Thieving from New Zealanders

Thieving from New Zealanders

They are lined up to bludge from hard-working wage and salary earners trying hard to save while rebuked for putting investment money into housing – and told they should be building up healthy savings accounts. We are now in weasel territory. But who is “they’?

Hot on the heels of the revelation that the world’s richest companies and individuals avoid paying any tax in this country – and wherever they can dodge doing so – (surprise, surprise) – it is being brought home to many that the general public is being taken for a ride by the big banks being granted the right by the Reserve Bank of New Zealand to rip off their customers when they get themselves into trouble.

The implications of the quite staggering fact, revealed in the latest Investigate in editor Ian Wishart’s column on the Canadian writer Mark Steyn’s analysis that the West is “sleepwalking to national  suicide”, are almost incredible. However, the fact stands: the Reserve Bank recently, with minimum publicity and no comment that I have come across from other journalists, has approved its new OBR – the Open Bank Resolution scheme which will enable a bank’s customers’ savings account to be raided overnight without warning. The term colloquially used is applying “haircuts” – minimising what would be essentially theft by a  bank – with no hope of customers getting their money back if the bank has performed poorly, closed its doors on, say, a Wednesday at 5 p.m. and then notified the Reserve Bank that it is in difficulties.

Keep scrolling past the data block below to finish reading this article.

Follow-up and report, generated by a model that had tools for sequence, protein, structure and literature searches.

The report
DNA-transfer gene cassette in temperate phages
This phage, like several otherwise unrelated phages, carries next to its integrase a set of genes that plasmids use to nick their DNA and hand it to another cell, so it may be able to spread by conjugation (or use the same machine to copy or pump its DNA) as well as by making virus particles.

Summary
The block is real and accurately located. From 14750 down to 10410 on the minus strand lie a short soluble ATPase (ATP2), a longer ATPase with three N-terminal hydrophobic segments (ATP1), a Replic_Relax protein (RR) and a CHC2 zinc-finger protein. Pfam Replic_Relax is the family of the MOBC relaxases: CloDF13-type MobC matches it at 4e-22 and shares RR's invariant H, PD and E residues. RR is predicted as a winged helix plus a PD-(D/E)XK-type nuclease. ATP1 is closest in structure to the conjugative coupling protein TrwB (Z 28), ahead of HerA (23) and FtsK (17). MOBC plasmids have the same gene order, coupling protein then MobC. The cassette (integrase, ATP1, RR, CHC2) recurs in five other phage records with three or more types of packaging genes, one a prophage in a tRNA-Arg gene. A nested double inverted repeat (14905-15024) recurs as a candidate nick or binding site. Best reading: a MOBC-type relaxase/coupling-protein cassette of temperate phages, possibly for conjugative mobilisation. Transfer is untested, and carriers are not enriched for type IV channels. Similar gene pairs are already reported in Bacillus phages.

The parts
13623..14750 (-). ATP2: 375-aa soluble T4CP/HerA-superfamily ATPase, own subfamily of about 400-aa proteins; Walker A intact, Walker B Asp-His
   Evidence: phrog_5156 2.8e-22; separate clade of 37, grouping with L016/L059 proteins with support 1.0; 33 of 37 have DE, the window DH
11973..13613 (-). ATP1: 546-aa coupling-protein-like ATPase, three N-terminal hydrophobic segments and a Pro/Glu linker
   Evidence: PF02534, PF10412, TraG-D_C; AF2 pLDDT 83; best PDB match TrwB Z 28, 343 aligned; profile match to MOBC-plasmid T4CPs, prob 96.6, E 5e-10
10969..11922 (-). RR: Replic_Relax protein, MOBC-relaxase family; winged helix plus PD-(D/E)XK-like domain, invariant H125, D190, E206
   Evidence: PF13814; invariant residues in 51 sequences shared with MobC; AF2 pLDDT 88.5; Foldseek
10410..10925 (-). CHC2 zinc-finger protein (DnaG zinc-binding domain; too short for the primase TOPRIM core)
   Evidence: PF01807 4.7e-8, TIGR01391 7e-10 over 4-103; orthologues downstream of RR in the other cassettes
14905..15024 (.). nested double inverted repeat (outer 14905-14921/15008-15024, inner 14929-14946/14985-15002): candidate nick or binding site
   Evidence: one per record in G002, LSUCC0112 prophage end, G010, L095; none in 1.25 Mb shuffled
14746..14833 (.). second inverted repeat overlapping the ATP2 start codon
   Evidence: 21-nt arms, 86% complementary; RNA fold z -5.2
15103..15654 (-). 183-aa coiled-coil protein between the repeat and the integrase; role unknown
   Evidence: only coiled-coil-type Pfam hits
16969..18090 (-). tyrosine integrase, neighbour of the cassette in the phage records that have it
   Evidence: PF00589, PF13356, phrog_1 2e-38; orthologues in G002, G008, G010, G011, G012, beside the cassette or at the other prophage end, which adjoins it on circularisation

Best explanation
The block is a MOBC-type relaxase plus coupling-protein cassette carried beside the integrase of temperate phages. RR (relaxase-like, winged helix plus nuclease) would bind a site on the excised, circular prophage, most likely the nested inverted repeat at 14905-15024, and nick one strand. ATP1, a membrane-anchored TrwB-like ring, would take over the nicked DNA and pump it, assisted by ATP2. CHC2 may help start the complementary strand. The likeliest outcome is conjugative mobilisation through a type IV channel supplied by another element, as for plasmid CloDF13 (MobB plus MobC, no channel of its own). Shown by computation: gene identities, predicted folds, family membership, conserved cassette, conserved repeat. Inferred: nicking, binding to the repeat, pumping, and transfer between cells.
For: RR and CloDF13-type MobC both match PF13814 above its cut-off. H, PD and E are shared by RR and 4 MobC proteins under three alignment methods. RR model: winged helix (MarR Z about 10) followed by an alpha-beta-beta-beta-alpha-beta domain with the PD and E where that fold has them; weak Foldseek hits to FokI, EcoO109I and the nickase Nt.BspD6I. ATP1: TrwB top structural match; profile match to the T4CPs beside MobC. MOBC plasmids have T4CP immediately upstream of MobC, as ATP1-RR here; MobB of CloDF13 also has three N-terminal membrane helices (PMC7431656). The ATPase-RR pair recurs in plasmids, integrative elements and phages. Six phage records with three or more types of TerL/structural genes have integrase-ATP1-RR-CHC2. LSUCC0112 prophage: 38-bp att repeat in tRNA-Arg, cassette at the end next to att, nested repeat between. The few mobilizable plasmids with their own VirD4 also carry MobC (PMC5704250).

From March 11, 2011, following the announcement from the Minister of Finance, New Zealanders’ savings accounts have no longer been guaranteed as safe in our banks.

What the OBR now ratifies, as Investigate points out, is that if you have saved say $10,000 or $100,000,  in a savings or cheque account,  you are liable to find that any of the big banks possessing $1 billion of their customers’ investments can now, with government approval, appropriate a percentage of your savings to pay the bank’s debts.

Remember when the safely wealthy castigated the Mums and Dads who thought they were doing the right thing in maximising their chances for their future and that of their children by investing in finance companies, both to help provide a larger pool of investment money for entrepreneurs and developers, and to sensibly maximise their own returns? Out came the accusation of greed – the usual telling off by the wealthy self-righteous whose own healthy returns have been ever so safely taken care of. Apparently  Mums and Dads should have kept their money “safely in the bank “ earning the usual minimum rates of interest – as now, about 4%, if that, while the banks latest profits soar sky high. The ANZ alone reports a profit of $1.27 billion in this recent financial year, while laying off staff and denying this has happened. Its more than healthy profit margin was not reflected in increased interest rates provided for its customers.

The message was clear: finance companies, bad news: banks, good news. However, when banks collapsed overseas, the free market philosophy of allowing the poorly-governed to fall by the wayside was shown as impossible in practical terms. Millions of “the little people” (those who trust banks and have not learnt to rip off the system) were threatened with total ruin and the loss of all their life savings.